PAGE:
Stephen and his brother Nicholas were choristers at Worcester Cathedral; one of Sir Stephen's daughters was recently Master's Chorister in St Catharine's College Girls' Choir in Cambridge and another is currently a chorister at York Minster. He believed passionately that being a chorister gives a child a wonderful start in life and was proud to be involved in the Diamond Fund for Choristers.
We are fortunate in the UK to have many great choral foundations and children can benefit enormously from singing in these fine choirs and in the many wonderful cathedrals, chapels and churches which this country boasts.
The skills that choristers learn give them huge benefits going forward, and among the ranks of our country’s finest musicians, sportsmen, broadcasters and politicians are those who once were choristers and who attribute their success to the work ethic they learned as children. But it is so much more than that:
• have an immense sense of pride in what they do
• make lasting friendships
• have a training which gives them an unmatchable grounding
in music which stands them in good stead for an enjoyment
of music-making at amateur or professional level for the rest of their lives
• are exposed not only to a great deal of marvellous music but to wonderful words and poetry as well
• learn to be confident
• develop an ability to organise their time more efficiently than most children of their age, which means that they cope well with life in their secondary schools and, indeed, throughout their subsequent careers
"What you learn by being a chorister isn’t just about hitting the right notes bang in the middle; it’s about deportment;
it’s about how to breathe; it’s about how to get on with your fellow human beings."
Former choristers who play a part in national life in realms other than music include Alexander Armstrong (St Mary's Cathedral, Edinburgh), Sir Simon Russell Beale (St Paul's Cathedral), Oz Clarke (Canterbury), Alistair Cook (Westminster Abbey), David Lammy (Peterborough), Olly Smith (King's) and Jon Snow (Winchester).
" I owe my entire career to my experience as a chorister. It was where I learnt to perform, where I learnt to use the full range of my voice; where I learnt to listen, where I learnt to write comedy, where I learnt to carry a pencil at all times – but most importantly it was where I learnt the wonderful truth that something exceptional, something as beautiful as anything anywhere, can be created just by you and your friends."
" I was in and out of King's Chapel every day of my life and it’s such a privilege to have been here, been part of the history of this amazing building. It’s probably the ultimate place to be a chorister. I had the most incredible time and it changed my life, no doubt about it. The incredible self discipline and the incredible exposure to music – when you think of all the things we would sing, right from Britten’s Rejoice in the Lamb to the old psalm chants. An extraordinary education.....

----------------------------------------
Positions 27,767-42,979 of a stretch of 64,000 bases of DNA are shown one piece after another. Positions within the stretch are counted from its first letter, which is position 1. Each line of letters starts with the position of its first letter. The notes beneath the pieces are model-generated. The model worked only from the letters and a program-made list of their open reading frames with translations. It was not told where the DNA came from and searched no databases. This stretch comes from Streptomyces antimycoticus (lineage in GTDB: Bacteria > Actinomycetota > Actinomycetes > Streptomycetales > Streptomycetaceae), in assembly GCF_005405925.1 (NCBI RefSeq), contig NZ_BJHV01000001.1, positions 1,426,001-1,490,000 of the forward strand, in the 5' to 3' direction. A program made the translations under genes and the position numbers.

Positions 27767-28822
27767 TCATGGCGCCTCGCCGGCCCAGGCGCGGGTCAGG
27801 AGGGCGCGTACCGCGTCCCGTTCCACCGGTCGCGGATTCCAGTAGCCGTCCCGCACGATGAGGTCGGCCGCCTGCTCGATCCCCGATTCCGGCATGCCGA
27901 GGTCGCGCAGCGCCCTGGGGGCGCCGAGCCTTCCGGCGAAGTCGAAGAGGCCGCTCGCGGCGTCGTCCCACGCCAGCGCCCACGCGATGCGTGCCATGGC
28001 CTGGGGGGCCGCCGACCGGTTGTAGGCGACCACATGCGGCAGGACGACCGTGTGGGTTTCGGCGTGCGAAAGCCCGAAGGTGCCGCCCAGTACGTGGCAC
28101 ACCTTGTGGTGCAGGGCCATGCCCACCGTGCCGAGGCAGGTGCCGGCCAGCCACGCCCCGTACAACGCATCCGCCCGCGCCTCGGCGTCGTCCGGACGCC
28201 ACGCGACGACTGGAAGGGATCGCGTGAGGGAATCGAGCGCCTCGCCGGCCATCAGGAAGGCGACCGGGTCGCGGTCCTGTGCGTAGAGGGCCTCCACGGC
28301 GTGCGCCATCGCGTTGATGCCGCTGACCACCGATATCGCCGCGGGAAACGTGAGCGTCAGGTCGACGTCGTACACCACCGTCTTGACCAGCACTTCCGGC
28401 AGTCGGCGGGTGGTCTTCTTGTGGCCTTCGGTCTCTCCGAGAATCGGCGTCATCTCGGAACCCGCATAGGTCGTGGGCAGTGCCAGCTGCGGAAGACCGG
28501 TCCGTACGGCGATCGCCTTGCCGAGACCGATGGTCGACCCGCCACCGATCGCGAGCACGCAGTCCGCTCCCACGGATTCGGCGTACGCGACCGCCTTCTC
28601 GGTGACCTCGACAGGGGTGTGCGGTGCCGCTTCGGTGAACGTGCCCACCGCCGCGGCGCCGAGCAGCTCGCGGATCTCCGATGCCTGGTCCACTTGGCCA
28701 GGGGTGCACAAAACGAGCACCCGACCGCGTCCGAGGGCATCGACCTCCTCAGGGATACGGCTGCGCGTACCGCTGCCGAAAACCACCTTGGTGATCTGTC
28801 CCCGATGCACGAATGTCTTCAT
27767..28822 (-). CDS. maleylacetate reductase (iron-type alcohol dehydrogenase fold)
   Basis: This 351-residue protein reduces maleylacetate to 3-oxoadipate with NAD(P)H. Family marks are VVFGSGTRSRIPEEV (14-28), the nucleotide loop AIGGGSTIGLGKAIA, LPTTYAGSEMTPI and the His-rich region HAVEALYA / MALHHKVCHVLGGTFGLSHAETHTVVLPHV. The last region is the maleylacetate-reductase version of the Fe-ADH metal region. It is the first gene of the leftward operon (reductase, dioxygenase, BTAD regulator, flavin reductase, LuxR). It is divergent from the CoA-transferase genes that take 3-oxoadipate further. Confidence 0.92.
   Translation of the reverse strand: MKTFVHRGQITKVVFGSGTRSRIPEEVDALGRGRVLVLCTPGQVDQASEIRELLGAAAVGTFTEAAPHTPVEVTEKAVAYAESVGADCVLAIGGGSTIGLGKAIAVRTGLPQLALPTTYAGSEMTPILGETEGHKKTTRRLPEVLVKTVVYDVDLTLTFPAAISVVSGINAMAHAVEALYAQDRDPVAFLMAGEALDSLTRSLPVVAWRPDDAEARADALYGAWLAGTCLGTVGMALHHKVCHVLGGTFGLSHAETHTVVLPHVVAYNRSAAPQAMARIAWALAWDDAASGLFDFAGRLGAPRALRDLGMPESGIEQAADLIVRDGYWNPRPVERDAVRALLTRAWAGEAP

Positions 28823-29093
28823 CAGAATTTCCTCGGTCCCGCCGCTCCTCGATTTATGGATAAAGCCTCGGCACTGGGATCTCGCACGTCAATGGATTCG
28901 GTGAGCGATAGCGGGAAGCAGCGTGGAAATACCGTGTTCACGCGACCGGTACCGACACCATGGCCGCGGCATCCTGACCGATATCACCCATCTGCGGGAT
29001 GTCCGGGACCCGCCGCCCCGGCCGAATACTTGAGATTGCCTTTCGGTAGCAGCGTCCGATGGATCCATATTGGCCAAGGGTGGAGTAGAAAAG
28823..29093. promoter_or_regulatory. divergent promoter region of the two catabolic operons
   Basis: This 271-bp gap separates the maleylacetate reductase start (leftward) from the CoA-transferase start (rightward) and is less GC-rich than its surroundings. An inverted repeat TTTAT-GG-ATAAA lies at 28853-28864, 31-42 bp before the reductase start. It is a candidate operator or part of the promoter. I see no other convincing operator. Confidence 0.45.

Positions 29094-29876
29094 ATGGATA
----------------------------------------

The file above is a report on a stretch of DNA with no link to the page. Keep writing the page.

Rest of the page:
Would you recommend being a choirboy?
"Yes. Hands down I would. It changes your whole life and it’s a huge, enormous change, but I have absolutely no regrets. I loved every minute of it."
MY ENTIRE CAREER TO MY EXPERIENCE AS A CHORISTER."
• nearly all choristers take up music awards (scholarships/exhibitions) at their chosen schools when at 13+. A number get academic scholarships as well.
• all choristers enjoy all the benefits of a well-rounded education, taking a full part as pupils at one of the best prep schools in the country, and participating in team sports, including matches against other schools.
• They all learn two instruments, so their musical education extends beyond the voice, and many go on to play their instruments to the highest standards. (Former King's choristers include top instrumental soloists, such as Simon Preston, Roy Goodman, Andrew Marriner and Guy Johnston, as well as composers such as Bob Chilcott.)
• they travel all over the world and perform in prestigious venues, such as the Concertgebouw in Amsterdam and the Sydney Opera House
• many aspire to return to King’s as choral scholars when they are 18 – which can only mean that they had a good time in the Choir from the ages of 8-13!
"King’s Choristers have a wonderful start to life. They are educated at King’s College School in Cambridge, and have the opportunity to perform with some of the finest soloists and orchestras.
When I audition boys, I am looking for potential. Enthusiasm and a love of singing are far more important in the early stages than a trained voice. The boys who are successful at audition spend one or two years training with the Choir, before they become full choristers (when they are given their famous top hats).
The full choristers are involved in all the activities of the choir. They sing in King’s College Chapel during the University terms, and then make recordings, perform in concerts, take part in TV and Radio broadcasts and go on tour at Easter or during the summer. Despite their busy schedule, they still find time for other pursuits, including sport and drama.
When the boys eventually leave the Choir at the end of Year 8, the majority go on to win major music scholarships to leading schools. Most recently boys have gone to Charterhouse, Eton, Winchester, Harrow, Ipswich School, King’s School Canterbury, Oundle, The Perse, Tonbridge and Uppingham.
At King’s we believe that the chorister experience should be available to everyone, regardless of financial background. The choristers’ fees are generously subsidised by means of a bursary from King’s College and we can help to identify further support for families that need it.
If you know of someone who might be interested in becoming a chorister at King's, please email email@example.com.